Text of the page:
Killing Us Softly 4 In Killing Us Softly 4, Jean Kilbourne valiantly pronounces that things are far worse now than they were several years ago. Jean Kilbourne adopts a fresh stance on the manner in which advertising deals in destructive and distorted ideals of femininity. Killing Us Softly 4 lines up an array of new television and print advertisements that explicitly show the baffling pattern of injurious gender stereotypes. This paper will provide a reaction to Jean Kilbourne’s research presented in Killing Us Softly 4. Kilbourne’s latest installment of the series Killing Us Softly reveals the epitome of the stereotypical portrayal of women through advertisement.
Without a doubt, the film is a definite channel of showing a conversation regarding the different forms of gendered representation, which the media propagates. Kilbourne is quite clear on the frequency of such representations and how deeply the representations affect people’s perceptions towards one another. Killing Us Softly 4 showcases the manners through which the advertising world reinforces negative behavior towards women, discussing how such behavior affects females of all ages (Killing Us Softly 4). The film collectively interprets advertisements that people observe every day and shows that these advertisements create a rather toxic culture amongst people in the modern world. Notably, most advertisements sell concepts like normalcy, love and sex, while at the same time telling women how they should look, feel and act. However, Kilbourne asserts before shooting advertisements, image directors retouch women’s images at least 20 to 30 times prior to publishing the images. Ironically, it is these retouched images that the advertising world feeds women in the society, making such women’s innate aspirations emulate the images in advertisements.
The standards of beauty change with changes in the perceptions of the advertising world. More often than not, these images show the ideal standard of beauty as thin and light skinned. This is perhaps why women nowadays try to ensure they weigh as few pounds as possible and become as light skinned as possible. The cosmetics industry is also blooming because of this ideal image fed by the advertising world. Women objectification reduces them as advertising portrays women as mere objects.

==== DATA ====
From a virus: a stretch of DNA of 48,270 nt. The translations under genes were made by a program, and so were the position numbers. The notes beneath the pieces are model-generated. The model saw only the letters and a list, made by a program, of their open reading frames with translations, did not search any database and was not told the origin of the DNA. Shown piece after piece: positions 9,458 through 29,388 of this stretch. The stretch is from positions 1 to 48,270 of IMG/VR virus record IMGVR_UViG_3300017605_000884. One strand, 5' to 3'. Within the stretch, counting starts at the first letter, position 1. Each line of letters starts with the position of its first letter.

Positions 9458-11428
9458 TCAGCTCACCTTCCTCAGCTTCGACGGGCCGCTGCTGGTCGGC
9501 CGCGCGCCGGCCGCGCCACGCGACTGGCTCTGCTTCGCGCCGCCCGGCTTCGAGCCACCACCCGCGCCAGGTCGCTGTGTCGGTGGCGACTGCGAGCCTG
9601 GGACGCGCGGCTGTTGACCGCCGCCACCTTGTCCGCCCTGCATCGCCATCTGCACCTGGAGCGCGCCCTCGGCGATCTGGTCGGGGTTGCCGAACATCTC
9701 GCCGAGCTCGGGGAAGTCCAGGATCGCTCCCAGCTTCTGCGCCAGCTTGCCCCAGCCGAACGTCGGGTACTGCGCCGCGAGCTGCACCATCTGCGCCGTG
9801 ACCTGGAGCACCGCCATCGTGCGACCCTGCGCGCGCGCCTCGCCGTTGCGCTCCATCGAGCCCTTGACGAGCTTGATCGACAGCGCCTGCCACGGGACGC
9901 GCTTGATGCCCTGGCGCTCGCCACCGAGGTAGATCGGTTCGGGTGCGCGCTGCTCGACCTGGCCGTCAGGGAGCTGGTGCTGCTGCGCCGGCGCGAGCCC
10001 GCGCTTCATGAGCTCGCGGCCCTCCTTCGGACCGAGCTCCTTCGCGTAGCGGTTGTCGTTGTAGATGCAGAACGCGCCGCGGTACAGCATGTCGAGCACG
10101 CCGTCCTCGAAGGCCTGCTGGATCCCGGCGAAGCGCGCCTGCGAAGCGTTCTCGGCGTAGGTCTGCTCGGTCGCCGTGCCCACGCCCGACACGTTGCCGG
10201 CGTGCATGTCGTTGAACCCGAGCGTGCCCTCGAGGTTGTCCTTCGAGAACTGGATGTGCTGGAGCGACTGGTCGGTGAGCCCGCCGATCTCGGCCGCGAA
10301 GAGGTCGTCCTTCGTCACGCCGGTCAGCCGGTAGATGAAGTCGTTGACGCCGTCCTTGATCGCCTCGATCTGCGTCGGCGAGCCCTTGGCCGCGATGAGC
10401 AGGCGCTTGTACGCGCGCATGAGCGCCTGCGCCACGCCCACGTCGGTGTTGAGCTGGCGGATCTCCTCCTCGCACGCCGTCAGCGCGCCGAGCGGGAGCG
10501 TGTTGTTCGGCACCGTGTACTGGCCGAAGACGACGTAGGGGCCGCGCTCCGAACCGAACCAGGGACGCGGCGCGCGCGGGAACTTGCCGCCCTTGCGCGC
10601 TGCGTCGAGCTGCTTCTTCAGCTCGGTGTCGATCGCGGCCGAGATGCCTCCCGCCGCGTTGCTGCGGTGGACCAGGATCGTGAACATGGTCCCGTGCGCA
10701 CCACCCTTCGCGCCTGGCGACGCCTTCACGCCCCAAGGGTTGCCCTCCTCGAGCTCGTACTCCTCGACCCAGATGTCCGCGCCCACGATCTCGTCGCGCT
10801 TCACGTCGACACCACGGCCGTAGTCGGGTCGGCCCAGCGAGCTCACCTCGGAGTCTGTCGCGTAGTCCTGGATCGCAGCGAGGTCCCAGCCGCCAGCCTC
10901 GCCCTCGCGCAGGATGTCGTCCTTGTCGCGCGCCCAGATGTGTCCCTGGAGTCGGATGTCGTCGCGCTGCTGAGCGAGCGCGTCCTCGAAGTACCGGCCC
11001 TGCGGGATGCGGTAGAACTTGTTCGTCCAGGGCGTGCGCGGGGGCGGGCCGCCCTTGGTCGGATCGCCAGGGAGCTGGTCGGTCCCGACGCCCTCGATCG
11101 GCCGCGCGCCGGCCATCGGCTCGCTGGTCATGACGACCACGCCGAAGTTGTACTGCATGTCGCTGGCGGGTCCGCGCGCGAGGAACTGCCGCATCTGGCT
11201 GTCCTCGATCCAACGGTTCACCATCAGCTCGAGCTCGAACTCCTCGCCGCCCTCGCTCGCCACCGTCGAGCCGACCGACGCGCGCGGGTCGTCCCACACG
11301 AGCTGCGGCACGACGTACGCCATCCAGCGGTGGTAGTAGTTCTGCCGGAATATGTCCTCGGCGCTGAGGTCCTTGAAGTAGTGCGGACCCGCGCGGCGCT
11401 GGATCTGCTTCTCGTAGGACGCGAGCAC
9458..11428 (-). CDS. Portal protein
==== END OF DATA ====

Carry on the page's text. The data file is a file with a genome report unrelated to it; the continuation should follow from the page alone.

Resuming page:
Killing Us Softly 4 further provides a succinct exploration of the increased objectification of masculinity in the media. Kilbourne shows that the new trend of male objectification is just as damaging as the objectification of femininity (Killing Us Softly 4). Today’s advertising world increasingly objectifies men. However, although advertisements also exploit men’s images, such exploitation is not on a deep level. In addition, the exploitation of men’s images in advertisements does not bear as many implications as is the case in the exploitation of femininity. This is largely because men do not live within a scrutinized world. Stereotypes allow men to maintain their individuality while also fulfilling the ideals set by the advertising world. Certain advertisements reinforce the model of masculinity, which essentially supports contempt for all things feminine. This disdain towards women further devalues feminine qualities and suppresses women’s capacities to live authentically and freely as they choose. This feeds cultural stereotypes that show women as weak, innocent and passive beings and men as the dominant sex.
Killing Us Softly 4: Advertising’s Image of Women. Dir. Jean Kilbourne. Media Education Foundation, 2010. Film.